a picture showing moyo okediji poised for the camera



When I arrived in the United States thirty years ago, I couldn’t call the US a new land.

It might be new to me, but it was not new to those who were born there.

But if the history of the United States were written by me, I would call the United States, “new land.”

That has been the experience of peoples in Africa.

The lands of their ancestors were declared “new land,” and open to anybody to take and possess.

In this strategy of dispossession and reallocation, history was rewritten,

People simply pretended that there was no existence before the arrival of the Europeans.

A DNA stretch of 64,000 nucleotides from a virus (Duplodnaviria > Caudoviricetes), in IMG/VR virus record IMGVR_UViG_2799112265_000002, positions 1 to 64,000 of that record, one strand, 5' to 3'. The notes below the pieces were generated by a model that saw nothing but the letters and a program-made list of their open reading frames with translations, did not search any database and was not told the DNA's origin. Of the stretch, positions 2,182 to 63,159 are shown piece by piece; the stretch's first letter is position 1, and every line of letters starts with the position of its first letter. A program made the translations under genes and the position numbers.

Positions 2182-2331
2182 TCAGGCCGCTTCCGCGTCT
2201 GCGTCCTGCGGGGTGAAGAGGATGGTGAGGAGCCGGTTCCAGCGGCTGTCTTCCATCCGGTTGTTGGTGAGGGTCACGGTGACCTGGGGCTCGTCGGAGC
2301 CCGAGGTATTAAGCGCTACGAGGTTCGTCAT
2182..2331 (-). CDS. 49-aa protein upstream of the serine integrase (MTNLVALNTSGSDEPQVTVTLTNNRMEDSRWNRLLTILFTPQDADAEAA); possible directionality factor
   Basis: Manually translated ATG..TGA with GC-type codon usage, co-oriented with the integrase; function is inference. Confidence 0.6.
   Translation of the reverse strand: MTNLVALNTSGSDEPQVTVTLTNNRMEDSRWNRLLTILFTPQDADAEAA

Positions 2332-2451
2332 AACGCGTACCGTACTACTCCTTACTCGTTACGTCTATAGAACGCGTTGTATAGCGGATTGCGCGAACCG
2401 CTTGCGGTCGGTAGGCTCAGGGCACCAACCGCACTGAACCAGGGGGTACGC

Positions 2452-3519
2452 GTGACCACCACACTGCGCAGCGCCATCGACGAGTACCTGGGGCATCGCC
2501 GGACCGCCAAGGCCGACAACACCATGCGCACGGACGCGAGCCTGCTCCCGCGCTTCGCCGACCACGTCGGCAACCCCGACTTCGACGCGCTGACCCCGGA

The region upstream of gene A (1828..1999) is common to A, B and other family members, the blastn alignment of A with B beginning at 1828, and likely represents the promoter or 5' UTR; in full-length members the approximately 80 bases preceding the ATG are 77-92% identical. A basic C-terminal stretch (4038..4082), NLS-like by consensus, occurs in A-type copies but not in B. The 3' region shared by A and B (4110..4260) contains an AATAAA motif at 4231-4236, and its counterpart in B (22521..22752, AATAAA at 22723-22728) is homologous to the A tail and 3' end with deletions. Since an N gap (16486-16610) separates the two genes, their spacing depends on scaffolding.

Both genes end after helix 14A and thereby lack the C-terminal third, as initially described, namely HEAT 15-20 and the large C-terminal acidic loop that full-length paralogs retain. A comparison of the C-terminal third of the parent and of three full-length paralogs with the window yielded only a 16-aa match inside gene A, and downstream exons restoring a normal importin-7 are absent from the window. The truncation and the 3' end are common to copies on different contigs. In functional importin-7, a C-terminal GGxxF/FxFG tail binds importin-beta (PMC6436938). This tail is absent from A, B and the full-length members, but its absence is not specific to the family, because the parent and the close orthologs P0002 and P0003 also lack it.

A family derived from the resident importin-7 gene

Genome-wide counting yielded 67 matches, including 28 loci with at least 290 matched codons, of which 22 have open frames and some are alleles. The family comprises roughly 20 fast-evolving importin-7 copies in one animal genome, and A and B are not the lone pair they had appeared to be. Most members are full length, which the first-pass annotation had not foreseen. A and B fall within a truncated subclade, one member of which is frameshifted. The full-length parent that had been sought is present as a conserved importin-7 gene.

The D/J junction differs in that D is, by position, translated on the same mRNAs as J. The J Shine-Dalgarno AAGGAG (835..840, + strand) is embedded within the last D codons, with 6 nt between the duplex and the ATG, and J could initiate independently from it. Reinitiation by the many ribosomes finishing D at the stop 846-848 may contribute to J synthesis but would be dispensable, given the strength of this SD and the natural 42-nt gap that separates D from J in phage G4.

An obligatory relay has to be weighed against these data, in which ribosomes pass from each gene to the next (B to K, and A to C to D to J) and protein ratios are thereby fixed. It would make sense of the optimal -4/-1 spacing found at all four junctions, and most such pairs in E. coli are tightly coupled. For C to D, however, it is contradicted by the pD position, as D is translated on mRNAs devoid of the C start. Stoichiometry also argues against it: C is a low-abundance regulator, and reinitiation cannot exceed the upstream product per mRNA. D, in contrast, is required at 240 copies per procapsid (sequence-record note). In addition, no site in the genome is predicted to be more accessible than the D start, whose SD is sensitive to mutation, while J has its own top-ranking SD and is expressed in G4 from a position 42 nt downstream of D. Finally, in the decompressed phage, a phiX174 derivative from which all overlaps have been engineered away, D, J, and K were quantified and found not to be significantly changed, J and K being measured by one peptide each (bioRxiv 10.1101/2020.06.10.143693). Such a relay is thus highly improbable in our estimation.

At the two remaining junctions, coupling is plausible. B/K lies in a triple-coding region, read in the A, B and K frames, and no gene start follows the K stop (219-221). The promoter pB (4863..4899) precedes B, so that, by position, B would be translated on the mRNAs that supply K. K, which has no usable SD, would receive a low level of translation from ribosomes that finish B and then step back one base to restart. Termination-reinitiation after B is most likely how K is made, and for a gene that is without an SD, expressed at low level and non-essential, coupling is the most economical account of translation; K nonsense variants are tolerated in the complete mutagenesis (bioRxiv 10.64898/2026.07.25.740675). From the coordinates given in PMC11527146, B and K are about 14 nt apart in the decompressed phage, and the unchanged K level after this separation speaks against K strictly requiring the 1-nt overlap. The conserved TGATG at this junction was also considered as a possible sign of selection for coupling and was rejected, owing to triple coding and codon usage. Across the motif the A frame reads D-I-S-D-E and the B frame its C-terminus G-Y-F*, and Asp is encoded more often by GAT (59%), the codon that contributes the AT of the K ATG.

The colonial authorities established educational institutions to psychologically recondition the youths of the lands they colonized.

Let me use a personal experience.

The biggest river in the land where I was born is called Odo Oya by the Yoruba people living there.

The colonizers simply ignored the old name renamed it as River Niger.

Then they opened schools in which they taught the children of the colonized people that “River Niger was discovered by Mungo Park.”

As a child, I was required to memorize this lie to be able to pass my exams.

How did all these things happen?

Why didn’t any of my teachers tell me it was just a lie?


Are these questions too complex to understand?

Could someone explain to me why my teachers taught me these lies?

What other lies did they ask me to memorize?

Interested in some of my published works?

About The Author

Leave a Comment

Your email address will not be published. Required fields are marked *